Description on Freshmeat.net:
About: X2c is an Xbase compiler that creates executable programs from Xbase source on any Unix or C platform. This is accomplished by creating C source from the Xbase source, compiling, and linking with included Xbase function libraries. Whilst the C source is considered an intermediate stage for X2c, it can be used and developed as any other C source. The X2c dialect of Xbase accepts virtually all statements from Borland (was Ashton-Tate), dBASE III PLUS, Computer Associates (was Nantucket), Clipper (Summer '87), and Microsoft (was Fox Software) FoxBASE (2.1). Selected Foxpro statements are also supported.
Download site says: CDBFILE 1.0 C toolbox for manipulating dBASE III ".DBF" files. It provides programmers with a structured object-oriented interface to DBF files. Licensed under the GNU public license.
Chris Browne's description: C++ OO package for manipulating dBase III files.
CDBFile is a C++ object-oriented package for programmers who need to manipulate dBASE III files in their programs. It enables you to perform many operations on an existing DBF file: reading/writing to it, accessing its values, sorting the records, adding/deleting records, etc. It comes with full text and postscript documentation, and commented source code.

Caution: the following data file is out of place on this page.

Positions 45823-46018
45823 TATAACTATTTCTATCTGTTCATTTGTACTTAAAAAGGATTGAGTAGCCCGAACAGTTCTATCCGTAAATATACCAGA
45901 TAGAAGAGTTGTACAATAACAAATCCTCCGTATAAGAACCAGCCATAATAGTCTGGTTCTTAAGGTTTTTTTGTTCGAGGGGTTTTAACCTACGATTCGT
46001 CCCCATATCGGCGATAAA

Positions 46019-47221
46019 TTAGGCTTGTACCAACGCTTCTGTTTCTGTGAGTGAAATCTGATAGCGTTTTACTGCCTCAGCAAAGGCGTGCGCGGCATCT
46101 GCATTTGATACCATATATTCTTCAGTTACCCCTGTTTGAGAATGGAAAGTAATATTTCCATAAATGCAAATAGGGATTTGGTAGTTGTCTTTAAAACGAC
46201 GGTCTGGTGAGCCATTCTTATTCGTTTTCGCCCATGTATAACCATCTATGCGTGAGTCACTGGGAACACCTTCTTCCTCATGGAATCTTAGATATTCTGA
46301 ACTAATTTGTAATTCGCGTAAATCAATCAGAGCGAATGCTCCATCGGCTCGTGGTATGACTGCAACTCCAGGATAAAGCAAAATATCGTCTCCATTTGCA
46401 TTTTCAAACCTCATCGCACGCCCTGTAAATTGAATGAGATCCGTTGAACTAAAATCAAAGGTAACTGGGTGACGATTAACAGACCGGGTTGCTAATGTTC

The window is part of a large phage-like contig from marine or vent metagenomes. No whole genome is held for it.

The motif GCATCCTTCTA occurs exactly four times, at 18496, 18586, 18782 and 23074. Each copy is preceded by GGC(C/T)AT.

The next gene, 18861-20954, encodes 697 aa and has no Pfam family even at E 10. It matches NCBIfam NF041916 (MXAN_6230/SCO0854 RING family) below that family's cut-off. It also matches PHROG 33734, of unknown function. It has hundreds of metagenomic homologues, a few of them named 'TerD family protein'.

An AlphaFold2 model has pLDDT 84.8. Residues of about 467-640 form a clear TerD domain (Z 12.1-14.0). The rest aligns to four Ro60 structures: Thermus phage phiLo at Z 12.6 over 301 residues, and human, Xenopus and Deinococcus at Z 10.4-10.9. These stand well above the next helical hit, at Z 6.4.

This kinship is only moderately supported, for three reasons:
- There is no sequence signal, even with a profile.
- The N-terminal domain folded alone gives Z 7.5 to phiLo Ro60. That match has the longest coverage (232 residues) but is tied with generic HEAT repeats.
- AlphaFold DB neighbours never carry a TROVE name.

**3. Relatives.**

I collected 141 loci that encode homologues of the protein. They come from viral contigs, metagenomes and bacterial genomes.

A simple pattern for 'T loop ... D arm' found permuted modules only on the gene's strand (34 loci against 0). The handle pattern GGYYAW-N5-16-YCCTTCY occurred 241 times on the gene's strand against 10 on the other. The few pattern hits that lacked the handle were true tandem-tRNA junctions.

A demonstration program, TestDBF, shows the various possibilities of the CDBFile library, and its source file, testdbf.cpp, demonstrates how to implement CDBFile within a program.
Xbase is a collection of specifications, programs, utilities and a C++ class library for manipulating Xbase type datafiles and indices.
What we have here is not only a C++ class library compatible with older .dbf, .ndx and .ntx files, and various utilities, but a viable database development environment for future projects requiring a lightweight database engine.
We define XBase here to mean any dBase, Clipper, FoxPro, etc. compatible database (including index and memo files). Currently, XBase supports DBF (dBase and other) database files, NDX (dbase) and NTX (Clipper) index files, and DBT (dBase and other) memo field files. xBase (with a lowercase 'x') means the xBase library. We hope to add support for other XBase file formats in the future.